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Janet Dodd joins the InterFaith Works’ Community Wide Dialogue to End Racism (CWD) staff with a wealth of related study and educational background, and now she wants to put it to practical use. The Arkansas native, who spent her formative years in Kansas City, Missouri, has been an adjunct instructor in the Women’s and Gender Studies program at Syracuse University (SU) since 2001, and has also been a facilitator in the Intergroup Dialogue Program at SU since 2005. Since 2004 Janet is a Ph.D. Candidate, Social Science, Maxwell School of Citizenship & Public Affairs at SU, and she has also earned a MS in Sociology from SU in 1997.
Janet’s enlightened perspective is certainly InterFaith Works’ gain, as her refreshing outlook will contribute to extending the CWD reach, scope and importance, “I don’t know of any for-profit agencies or corporations whose central mission is addressing issues of social justice in general or racial and ethnic equality in particular,” says Janet “At least in the nonprofit sector, the organization of work focused on producing social justice does not covertly conflict with the organization of work to produce a profit.”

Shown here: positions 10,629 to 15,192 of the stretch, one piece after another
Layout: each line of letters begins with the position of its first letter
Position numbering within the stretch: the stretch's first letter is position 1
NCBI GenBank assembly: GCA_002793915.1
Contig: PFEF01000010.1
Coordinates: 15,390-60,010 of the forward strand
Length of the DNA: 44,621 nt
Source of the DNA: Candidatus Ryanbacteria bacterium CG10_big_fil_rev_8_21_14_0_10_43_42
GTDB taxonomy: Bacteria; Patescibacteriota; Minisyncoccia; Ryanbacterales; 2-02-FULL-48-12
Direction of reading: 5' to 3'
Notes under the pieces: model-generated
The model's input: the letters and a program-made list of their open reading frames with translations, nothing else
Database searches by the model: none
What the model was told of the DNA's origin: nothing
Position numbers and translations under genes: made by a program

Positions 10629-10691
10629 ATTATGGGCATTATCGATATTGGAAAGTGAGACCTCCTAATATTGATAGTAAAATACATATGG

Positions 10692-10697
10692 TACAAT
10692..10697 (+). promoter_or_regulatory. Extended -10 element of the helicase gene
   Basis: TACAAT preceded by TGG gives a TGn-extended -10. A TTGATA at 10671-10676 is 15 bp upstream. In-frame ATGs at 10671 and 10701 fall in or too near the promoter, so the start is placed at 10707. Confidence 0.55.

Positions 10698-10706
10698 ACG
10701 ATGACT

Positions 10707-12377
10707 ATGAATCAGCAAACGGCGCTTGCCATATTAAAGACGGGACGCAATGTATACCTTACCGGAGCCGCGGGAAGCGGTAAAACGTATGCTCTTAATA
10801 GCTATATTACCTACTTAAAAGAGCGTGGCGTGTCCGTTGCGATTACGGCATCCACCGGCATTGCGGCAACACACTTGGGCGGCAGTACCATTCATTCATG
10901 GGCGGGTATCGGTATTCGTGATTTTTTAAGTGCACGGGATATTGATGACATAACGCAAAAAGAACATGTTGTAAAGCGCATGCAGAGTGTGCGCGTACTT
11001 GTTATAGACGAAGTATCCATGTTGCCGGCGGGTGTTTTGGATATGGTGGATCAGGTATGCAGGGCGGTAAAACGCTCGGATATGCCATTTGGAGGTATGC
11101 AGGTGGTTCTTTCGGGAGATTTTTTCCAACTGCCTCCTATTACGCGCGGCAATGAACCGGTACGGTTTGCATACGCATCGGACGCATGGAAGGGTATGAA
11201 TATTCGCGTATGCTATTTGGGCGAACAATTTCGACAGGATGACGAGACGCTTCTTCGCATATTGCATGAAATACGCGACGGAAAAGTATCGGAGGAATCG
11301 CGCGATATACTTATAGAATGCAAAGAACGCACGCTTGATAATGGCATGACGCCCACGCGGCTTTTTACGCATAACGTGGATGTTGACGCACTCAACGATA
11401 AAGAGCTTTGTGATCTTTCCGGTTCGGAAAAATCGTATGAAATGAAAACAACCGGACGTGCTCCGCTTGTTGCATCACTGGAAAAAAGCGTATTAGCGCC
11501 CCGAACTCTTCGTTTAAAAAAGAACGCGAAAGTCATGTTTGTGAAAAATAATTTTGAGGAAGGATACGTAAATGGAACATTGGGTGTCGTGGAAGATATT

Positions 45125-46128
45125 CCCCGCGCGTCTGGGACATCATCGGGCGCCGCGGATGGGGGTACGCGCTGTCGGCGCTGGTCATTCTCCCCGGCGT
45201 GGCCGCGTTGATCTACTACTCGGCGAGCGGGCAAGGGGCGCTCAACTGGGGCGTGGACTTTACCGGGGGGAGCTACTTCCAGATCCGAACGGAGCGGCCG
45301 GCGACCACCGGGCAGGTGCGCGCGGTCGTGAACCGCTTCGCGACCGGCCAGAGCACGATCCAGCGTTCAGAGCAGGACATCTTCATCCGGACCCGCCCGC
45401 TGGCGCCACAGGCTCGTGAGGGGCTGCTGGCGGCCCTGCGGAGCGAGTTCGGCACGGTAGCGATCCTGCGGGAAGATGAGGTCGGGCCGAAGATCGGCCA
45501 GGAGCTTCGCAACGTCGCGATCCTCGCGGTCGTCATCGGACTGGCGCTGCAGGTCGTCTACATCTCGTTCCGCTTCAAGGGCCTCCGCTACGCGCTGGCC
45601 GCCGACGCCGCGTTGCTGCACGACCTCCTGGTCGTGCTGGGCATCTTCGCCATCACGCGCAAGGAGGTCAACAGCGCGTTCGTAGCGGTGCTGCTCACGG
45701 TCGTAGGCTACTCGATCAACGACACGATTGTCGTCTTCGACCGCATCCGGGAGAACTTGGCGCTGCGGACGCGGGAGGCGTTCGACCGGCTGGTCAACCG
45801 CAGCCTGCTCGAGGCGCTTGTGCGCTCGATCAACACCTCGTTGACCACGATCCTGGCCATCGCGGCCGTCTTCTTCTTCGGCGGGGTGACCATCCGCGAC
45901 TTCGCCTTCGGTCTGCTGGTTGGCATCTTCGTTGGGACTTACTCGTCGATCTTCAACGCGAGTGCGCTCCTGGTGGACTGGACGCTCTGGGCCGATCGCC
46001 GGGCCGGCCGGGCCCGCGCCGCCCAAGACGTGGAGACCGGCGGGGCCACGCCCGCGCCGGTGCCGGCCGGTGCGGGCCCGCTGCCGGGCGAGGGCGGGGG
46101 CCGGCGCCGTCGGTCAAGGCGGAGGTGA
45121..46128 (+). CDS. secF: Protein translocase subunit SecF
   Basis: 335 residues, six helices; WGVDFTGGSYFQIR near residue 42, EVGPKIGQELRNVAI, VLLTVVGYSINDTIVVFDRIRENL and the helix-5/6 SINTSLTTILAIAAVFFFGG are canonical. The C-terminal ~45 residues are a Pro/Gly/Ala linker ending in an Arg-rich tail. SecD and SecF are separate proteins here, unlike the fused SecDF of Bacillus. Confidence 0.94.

Janet’s experience and involvement in dialogue programs is what makes her a natural fit – not to mention her enthusiasm about the central issues that the CWD program is challenged with engaging in and approaching, “I believe dialogue as a process of communication that stimulates critical thinking and critical “doing” has much broader applicability, and I’m excited about the opportunity to expand and hone my skills by working with Community Wide Dialogue,” Janet explains. “Some of the most interesting work I’ve been doing the past several years has focused on both teaching and learning how to communicate across social identities of difference by co-facilitating Integroup Dialogue courses at Syracuse Uiniversity.”
Demystifying how processes of racialization work on individual, institutional, and cultural levels is just one of the many things Janet will be targeting in her work, as her training and skill will help move the conversation and focus of collective action aimed at producing social justice from “fixing people,” to changing the policies and practices that shape the contexts of the collective experience.